The 411 on Fencing Materials The 411 on Fencing Materials
Your fence can provide you with privacy and security or even act as a boundary to keep animals in or out. All of the following materials are commonly used in the construction of home fencing. Each one adds a unique architectural accent and is suited to your specific fencing wants and needs.
When it comes to choosing a natural material, classic timber, modern bamboo, and stonework are all popular but very different choices.
It’s hard to ignore the beauty and utility of a traditional wooden fence. Wood fencing is typically made of redwood or cedar, as these varieties stand up well against decay, naturally occurring oils, and wood-boring insects.
However, as with any natural wood product, they require regular upkeep. Redwood and cedar have raised grains and an appearance that is architecturally unique. While they can be a bit pricey, these woods are easy to work with and make for an easy do-it-yourself project if you’re planning to not only choose your fencing medium, but also install it.
There are also other varieties of wood that are chemically treated to resist the elements. These options allow you to hold on to the integrity associated with natural wood, but they are less expensive than traditional redwood or cedar and are easy to paint upon installation. Similarly, even the chemically treated woods will require maintenance from time to time.
Bamboo products are one of the toughest natural material options and are becoming a favorite for environmentally-conscious homeowners. This material regenerates after six months, making it a renewable resource.
Bamboo can withstand the harshest environments and treatments, with no painting or maintenance needed. In fact, bamboo is so durable that structures made from it have even withstood earthquakes of 9.0 on the Richter scale. A fence made of this material will stand for generations of homeowners.
Whether you use true field stones, river rocks, or pre-cast concrete, a stone wall can be an elegant and sturdy addition to the perimeter of your property. Although stone fences can require more hard labor options to build than other options, it will provide years of beauty and barrier.
Depending what kind of look you're going for and the level of durability needed for your geographical location, you can dry set or mortar set your stone structure. Dry setting is less expensive because no adhesive is used to keep hold the structure together, but it is not a great option for areas that see frequent earthquakes. The weight of the stones will keep the structure together, but the earth can be strong enough to topple it. Laying the stones in mortar gives a bit more stability for volatile weather areas.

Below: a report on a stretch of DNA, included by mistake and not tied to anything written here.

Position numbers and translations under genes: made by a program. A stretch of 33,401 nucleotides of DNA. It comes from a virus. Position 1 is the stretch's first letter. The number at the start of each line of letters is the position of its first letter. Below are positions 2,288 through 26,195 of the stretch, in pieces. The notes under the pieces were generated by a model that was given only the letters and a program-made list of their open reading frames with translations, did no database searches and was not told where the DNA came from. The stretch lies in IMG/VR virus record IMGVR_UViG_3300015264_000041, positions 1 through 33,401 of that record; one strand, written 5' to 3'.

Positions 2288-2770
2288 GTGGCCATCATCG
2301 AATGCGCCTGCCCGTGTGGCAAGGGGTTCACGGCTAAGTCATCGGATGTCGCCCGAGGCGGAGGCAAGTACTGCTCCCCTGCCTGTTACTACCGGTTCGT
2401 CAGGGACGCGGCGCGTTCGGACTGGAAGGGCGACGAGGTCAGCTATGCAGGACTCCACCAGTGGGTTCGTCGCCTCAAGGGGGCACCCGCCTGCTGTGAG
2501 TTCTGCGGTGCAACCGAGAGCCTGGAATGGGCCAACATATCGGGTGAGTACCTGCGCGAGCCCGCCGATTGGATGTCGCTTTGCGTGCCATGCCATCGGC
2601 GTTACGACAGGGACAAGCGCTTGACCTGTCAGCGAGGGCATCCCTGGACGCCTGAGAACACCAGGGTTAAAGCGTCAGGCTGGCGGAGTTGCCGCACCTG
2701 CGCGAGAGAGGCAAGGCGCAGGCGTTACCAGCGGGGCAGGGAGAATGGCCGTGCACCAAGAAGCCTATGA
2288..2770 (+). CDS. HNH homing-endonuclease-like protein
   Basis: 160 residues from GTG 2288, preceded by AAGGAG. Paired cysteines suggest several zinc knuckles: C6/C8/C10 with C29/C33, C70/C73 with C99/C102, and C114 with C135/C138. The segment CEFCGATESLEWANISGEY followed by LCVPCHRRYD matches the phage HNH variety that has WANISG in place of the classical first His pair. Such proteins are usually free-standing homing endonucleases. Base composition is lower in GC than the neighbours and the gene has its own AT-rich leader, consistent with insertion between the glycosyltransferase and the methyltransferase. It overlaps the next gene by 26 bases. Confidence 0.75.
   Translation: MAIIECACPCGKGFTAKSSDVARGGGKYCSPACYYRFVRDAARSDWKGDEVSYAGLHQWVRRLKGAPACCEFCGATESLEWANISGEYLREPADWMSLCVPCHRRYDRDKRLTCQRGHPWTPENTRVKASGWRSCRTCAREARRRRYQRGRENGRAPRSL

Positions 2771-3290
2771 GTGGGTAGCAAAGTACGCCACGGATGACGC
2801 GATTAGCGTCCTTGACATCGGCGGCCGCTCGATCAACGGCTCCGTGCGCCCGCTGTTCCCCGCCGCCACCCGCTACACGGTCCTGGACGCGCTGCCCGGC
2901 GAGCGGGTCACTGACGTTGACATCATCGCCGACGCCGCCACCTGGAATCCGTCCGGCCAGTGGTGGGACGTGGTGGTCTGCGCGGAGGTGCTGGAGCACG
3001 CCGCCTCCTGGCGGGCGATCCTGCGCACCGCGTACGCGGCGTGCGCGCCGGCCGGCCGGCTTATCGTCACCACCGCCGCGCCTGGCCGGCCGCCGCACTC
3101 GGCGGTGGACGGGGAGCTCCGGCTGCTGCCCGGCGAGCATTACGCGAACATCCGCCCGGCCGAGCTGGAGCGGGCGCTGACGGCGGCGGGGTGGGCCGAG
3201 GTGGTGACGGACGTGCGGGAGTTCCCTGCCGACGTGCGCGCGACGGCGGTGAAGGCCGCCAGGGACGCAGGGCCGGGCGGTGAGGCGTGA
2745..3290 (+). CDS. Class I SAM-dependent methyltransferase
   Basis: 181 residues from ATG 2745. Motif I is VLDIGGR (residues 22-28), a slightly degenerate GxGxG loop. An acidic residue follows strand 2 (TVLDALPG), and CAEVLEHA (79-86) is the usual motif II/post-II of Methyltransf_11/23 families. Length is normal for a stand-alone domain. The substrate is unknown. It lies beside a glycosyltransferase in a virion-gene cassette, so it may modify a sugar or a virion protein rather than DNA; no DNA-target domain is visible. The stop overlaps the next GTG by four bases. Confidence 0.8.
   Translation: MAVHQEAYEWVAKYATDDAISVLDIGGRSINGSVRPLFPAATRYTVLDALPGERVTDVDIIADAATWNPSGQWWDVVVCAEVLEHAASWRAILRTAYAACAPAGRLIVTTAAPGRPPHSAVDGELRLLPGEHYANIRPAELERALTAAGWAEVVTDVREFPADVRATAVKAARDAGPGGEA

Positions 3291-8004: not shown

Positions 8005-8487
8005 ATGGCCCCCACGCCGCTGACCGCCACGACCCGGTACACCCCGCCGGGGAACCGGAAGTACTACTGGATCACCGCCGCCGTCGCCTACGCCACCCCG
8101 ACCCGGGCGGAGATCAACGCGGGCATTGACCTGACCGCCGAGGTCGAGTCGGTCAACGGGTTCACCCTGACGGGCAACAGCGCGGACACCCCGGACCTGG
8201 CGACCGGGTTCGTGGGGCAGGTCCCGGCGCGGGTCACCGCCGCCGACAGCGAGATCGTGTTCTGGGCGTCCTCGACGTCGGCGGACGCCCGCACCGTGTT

A wide range of fencing is manufactured from man-made materials. These choices may lack the abstract appeal of being straight out of nature, but they all have other benefits if you’re eyeing one of these options for your next fence project.
Wrought iron is made from an iron alloy, so it’s extremely durable and strong. Wrought iron fences provide excellent security, are impervious to insects, and come in a highly stylized black powder-coat finish that both weathers nicely and is immediately recognizable.
If you’re planning to do the installation yourself, be aware that wrought iron is not the easiest material to work with. The material is quite heavy and installations can and sometimes require welding skills to join sections of fencing.
Vinyl fencing has become very popular due to its affordability and ease of installation. It’s made from extruded polyvinyl chloride (PVC), a material that is lightweight but still durable, weatherproof, insect-proof, and available in a variety of styles and colors. While the standard for vinyl fencing is a simple white, colors and even a wood-grain texture are options on the market. It is easily maintained, requiring nothing more than a thorough wash with soap and water.
Assuming that you are all right with its appearance and artificial construction, the only real detriment to vinyl fencing is that when compared to wood and iron, it is not nearly as durable.
Composite fiberglass fencing, manufactured under many trade names, offers the strength of iron. In fact, fiberglass fencing is virtually indestructible, and pound for pound has greater tensile strength than steel while being significantly lighter and more easily handled and installed. This makes it a more expensive choice than wood or vinyl, but as a perk fiberglass fences usually come with a lifetime warranty, and since the material will not crack or peel, these fences are essentially maintenance-free.
Fiberglass can be manufactured in numerous colors and styles and even be made to look like wrought iron, steel, or wood grain.
Chain link fences are almost as classic as the traditional wood fence at this point. Chain link is fairly easy to install, strong, economical, and insect and weather proof. While these fences have limited architectural appeal, they’re still incredibly functional for privacy and marking boundaries in your yard, even if generations of kids continue to scale them on the schoolyard.